Bullying is Nondiscriminatory in How it Discriminates
Written in collaboration with PACER’s National Bullying Prevention Center
Those who bully are not always the stereotypes portrayed in movies and television shows. While many people think bullying is demonstrated by individuals such as Regina George (Mean Girls) or Biff Tannen (Back to the Future), too often they aren’t an obvious living, breathing typecast. The same can be said of the individuals who are the targets of bullying – they are not always the smallest, weakest, ‘unpopular’ children. There are many forms of bullying and it happens largely due to a lack of understanding or knowledge about something that may appear different. The truth is it can happen to anyone, by anyone regardless of the age or setting.
A staggering one out of five (20.8%) students have reported being bullied (National Center for Educational Statistics, 2016). Children with disabilities are at an increased risk of being bullied. Studies have found they are two to three times more likely to be bullied than their nondisabled peers. (Marshall, et. al., 2009) The issue can continue into college and adulthood, with workplace and situational bullying.
Emotional and behavioral problems experienced by the targets of bullying, as well as those who demonstrate bullying, may continue into adulthood and have produced long-term negative outcomes, including low self-esteem and isolation, poor school performance, few friends and little social interaction, a negative view of school, physical symptoms (such as headaches, stomachaches, or problems sleeping), mental health issues (such as depression, suicidal thoughts, and anxiety), drug use and abuse, criminal behavior and gang membership. (National Center for Education in Maternal and Child Health & Center for Disease Control, Bullying Surveillance Among Youths, 2014). Youths who bully others and are bullied themselves suffer the most serious consequences and are at greater risk for mental health and behavioral problems into adulthood. (Center for Disease Control, 2017).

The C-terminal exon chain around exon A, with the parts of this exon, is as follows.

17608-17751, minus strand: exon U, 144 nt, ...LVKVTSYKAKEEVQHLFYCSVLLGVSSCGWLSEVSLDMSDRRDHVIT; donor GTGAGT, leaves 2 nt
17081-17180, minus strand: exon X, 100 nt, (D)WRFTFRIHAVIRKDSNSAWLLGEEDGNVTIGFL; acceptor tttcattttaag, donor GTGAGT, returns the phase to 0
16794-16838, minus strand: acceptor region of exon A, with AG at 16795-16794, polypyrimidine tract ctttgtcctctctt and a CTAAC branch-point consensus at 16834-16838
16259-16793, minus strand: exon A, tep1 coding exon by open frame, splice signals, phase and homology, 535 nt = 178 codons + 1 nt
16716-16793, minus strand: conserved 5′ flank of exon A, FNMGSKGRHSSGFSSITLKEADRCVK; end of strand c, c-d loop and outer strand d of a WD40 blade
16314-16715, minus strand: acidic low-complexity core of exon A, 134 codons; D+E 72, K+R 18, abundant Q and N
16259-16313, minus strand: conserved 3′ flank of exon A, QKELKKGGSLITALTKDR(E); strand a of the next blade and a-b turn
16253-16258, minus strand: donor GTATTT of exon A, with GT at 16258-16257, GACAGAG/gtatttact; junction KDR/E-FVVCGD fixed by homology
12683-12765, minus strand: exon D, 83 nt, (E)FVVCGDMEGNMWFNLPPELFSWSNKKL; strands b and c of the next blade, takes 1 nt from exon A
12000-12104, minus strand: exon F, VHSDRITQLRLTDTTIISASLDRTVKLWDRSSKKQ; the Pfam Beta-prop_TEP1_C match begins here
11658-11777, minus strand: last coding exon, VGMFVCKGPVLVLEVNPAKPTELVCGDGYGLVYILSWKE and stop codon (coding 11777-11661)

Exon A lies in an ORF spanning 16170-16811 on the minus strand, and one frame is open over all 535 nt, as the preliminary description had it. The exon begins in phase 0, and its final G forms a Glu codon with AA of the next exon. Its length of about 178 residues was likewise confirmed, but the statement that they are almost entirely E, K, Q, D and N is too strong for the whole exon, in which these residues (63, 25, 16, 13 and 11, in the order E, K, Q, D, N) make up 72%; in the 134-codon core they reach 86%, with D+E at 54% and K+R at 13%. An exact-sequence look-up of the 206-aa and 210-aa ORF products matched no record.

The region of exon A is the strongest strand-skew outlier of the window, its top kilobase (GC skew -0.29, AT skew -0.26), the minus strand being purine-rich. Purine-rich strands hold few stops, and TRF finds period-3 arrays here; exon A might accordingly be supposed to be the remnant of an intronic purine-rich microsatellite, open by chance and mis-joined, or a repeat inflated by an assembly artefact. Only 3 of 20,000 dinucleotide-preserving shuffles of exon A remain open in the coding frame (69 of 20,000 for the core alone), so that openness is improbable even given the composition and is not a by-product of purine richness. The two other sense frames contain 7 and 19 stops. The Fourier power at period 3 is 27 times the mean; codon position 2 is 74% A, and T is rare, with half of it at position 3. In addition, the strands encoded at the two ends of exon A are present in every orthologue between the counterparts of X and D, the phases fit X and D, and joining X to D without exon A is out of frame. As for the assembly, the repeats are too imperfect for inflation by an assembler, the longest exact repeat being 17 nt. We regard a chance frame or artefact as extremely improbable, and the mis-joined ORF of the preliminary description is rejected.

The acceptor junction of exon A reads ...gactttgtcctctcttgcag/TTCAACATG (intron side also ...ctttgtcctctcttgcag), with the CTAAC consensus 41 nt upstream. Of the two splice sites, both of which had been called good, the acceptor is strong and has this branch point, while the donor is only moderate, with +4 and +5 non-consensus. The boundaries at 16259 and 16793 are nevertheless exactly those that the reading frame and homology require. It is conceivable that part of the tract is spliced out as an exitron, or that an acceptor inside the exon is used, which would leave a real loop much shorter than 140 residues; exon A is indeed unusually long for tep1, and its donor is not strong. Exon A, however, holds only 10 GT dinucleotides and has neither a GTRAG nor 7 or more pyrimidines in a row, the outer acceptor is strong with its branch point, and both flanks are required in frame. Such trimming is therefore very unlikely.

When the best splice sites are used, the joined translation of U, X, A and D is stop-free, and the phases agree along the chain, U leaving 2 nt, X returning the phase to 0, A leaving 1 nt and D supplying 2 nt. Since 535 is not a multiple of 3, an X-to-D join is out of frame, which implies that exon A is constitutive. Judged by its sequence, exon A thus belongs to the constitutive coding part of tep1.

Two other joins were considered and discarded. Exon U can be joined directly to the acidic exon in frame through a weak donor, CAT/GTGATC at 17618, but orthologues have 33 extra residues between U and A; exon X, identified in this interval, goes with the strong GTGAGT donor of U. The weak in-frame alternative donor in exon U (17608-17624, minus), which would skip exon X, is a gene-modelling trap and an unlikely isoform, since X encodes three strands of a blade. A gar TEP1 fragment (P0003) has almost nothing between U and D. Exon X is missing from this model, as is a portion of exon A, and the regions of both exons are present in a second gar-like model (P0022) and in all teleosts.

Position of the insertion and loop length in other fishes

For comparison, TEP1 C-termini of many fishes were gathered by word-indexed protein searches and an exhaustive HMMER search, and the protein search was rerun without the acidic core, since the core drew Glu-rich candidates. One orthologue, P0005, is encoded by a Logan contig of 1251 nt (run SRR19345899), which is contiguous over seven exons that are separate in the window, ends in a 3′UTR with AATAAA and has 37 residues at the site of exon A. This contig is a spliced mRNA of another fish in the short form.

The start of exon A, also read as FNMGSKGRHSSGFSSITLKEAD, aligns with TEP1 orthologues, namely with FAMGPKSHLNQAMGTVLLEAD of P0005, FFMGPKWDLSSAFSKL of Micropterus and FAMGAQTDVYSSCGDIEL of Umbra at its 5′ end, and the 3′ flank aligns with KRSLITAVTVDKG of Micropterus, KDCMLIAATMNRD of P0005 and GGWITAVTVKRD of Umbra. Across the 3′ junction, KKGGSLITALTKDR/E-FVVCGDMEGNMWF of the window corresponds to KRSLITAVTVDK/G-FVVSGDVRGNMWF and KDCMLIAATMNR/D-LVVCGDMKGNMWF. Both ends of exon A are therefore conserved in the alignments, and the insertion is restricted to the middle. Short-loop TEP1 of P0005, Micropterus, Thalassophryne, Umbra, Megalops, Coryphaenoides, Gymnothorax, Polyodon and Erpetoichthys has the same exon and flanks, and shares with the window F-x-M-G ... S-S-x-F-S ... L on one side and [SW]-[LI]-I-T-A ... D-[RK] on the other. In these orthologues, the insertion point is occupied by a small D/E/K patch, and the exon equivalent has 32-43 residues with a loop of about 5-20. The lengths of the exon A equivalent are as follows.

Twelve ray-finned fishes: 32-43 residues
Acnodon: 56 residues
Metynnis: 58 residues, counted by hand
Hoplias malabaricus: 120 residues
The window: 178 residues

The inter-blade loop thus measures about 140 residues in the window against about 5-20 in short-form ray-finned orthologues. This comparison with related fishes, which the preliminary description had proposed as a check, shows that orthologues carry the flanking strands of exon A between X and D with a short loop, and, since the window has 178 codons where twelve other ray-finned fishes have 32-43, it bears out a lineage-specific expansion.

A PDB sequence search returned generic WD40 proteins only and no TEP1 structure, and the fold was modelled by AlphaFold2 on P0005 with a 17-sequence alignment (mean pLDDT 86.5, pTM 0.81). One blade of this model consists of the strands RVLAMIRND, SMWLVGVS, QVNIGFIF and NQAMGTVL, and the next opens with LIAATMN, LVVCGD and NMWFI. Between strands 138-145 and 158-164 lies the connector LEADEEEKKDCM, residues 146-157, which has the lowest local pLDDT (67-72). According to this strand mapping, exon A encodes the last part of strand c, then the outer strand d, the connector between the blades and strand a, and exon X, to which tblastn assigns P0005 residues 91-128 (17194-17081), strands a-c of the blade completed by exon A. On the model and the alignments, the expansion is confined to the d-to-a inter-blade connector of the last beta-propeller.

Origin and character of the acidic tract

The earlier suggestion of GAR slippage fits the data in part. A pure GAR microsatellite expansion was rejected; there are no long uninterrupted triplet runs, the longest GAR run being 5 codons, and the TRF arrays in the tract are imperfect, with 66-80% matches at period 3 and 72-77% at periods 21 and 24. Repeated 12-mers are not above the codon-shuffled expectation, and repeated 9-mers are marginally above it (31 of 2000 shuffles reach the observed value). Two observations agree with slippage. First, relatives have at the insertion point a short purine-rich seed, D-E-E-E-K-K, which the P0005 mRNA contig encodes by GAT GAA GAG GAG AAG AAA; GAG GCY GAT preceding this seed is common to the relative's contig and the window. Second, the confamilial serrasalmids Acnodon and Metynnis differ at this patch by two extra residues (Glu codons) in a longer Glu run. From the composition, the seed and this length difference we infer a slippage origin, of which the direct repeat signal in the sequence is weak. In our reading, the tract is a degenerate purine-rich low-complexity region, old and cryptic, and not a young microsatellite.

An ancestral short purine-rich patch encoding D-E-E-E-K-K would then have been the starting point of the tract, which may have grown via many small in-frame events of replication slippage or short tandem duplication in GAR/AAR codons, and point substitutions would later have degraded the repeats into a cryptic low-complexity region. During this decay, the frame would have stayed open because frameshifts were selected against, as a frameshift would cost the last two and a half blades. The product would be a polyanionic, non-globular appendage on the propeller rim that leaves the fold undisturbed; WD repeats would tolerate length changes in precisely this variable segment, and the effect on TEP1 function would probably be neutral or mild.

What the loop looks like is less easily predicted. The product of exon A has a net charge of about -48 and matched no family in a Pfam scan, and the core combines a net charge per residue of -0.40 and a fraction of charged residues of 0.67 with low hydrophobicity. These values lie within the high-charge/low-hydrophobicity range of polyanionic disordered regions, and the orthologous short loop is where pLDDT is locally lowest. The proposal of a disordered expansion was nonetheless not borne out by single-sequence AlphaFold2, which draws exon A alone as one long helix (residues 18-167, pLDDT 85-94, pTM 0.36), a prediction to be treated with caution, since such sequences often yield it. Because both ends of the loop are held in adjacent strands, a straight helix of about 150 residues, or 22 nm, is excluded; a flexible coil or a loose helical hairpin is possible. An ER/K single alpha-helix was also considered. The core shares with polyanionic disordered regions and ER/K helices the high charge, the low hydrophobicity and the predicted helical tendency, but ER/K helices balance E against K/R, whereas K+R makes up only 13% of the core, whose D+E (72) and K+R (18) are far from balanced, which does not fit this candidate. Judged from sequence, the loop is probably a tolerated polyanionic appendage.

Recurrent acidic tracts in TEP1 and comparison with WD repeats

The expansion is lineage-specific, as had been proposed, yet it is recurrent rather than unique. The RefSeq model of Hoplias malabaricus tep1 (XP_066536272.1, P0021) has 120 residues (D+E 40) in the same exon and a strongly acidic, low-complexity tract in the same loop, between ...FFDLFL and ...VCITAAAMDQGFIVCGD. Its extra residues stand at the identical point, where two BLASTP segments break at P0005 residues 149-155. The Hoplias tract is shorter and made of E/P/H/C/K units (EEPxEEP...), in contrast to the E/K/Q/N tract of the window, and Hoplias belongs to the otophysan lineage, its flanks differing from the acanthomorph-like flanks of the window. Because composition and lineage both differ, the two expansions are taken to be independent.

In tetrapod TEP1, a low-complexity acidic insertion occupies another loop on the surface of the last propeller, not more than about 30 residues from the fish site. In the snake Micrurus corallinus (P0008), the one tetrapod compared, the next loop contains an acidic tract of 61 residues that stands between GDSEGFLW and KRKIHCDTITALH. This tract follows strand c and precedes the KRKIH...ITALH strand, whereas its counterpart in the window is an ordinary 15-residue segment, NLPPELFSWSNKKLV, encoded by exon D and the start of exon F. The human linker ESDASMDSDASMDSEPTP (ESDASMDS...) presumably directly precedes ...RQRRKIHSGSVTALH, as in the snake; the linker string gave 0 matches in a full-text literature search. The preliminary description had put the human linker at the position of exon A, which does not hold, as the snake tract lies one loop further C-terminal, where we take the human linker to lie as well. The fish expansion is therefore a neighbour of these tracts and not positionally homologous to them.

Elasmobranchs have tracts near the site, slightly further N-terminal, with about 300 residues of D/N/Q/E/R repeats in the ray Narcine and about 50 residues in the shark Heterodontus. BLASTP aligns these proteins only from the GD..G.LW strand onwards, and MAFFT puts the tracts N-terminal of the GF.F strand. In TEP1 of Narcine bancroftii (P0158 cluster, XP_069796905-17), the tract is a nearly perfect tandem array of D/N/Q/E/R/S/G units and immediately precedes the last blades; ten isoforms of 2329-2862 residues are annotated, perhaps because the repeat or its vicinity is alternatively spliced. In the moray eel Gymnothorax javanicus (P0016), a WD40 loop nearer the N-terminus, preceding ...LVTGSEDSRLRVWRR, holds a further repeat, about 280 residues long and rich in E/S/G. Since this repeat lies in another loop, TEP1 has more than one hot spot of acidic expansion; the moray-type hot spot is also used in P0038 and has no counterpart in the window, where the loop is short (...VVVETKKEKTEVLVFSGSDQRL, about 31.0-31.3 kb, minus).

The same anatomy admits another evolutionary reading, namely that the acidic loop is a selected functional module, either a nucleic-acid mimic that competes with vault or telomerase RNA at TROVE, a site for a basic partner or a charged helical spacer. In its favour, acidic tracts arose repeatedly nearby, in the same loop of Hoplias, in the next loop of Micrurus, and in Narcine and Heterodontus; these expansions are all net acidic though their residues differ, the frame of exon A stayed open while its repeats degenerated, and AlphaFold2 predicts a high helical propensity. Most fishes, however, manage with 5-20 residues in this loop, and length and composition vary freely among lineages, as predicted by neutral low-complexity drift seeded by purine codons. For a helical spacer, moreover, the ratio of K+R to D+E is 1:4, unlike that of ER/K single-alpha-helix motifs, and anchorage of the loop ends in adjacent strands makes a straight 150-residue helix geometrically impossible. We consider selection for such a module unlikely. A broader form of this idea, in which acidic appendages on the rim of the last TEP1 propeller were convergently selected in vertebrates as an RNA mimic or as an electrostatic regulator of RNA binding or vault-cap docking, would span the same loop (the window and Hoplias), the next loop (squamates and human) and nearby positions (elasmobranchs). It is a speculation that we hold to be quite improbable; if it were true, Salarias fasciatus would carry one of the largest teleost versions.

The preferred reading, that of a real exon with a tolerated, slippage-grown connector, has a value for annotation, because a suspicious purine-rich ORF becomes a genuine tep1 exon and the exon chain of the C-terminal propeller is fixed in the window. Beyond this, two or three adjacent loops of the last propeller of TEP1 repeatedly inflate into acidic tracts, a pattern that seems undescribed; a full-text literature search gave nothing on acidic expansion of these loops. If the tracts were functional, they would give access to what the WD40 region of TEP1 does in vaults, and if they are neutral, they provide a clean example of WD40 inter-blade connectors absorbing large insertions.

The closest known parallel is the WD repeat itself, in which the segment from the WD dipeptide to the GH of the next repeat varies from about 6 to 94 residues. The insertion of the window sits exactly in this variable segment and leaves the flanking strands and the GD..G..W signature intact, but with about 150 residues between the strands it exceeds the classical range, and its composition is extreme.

So, how do we change this reality? Through the power of education. Educating students, teachers, school administrators, colleagues, human resources departments, and even families about the challenges faced is a positive approach to combatting and preventing stigma, discrimination, and bullying.
In response to this need, the Tourette Association of America (TAA) facilitates programming to build awareness, encourage research, and provide support across the nation. This includes our Youth Ambassador Program where children, ages 12 to 17, are trained to advocate for those living with Tourette Syndrome and Tic Disorders in their communities. In addition, the TAA receives funding from the Center for Disease Control (CDC) to mobilize public education programing on Tourette Syndrome for various professional audiences, families, individuals, and the general public. Finally, tourette.org features a wealth of resources, videos, webinars that address workplace bullying and job advice, which provide information for children, young adults, families, educators, law enforcement, and more. These tools can be a great source of hope, help, and inspiration for everyone.
No one should ever have to endure bullying, or become the target of cruelty, harm and humiliation. PACER’s National Bullying Prevention Center actively leads social change to prevent bullying, so that all youth are safe and supported in their schools, communities and online.
While National Bullying Prevention Month has ended, talk about preventing bullying should not stop now. The concerns continue well beyond October. Hundreds of organizations advocate for those with various disabilities who are the unfortunate targets of bullying. Now, more than ever, it is imperative for us to join together to reach schools, families, and communities around the country to put a stop to this conduct.
Together, we can create a world without bullying.
– Amanda Talty, President and CEO, Tourette Association of America & Paula Goldberg, Executive Director of PACER Center and the National Bullying Prevention Center.
Disabilities: Insights from Across Fields and Around the World; Marshall, Kendall, Banks & Gover (Eds.), 2009
Rose, C. A., & Monda-Amaya, L. E. (2012). Bullying and victimization among students with disabilities: Effective strategies for classroom teachers. Intervention in School and Clinic, 48, 99-107. Retrieved from http://journals.sagepub.com.ezp3.lib.umn.edu/doi/abs/10.1177/1053451211430119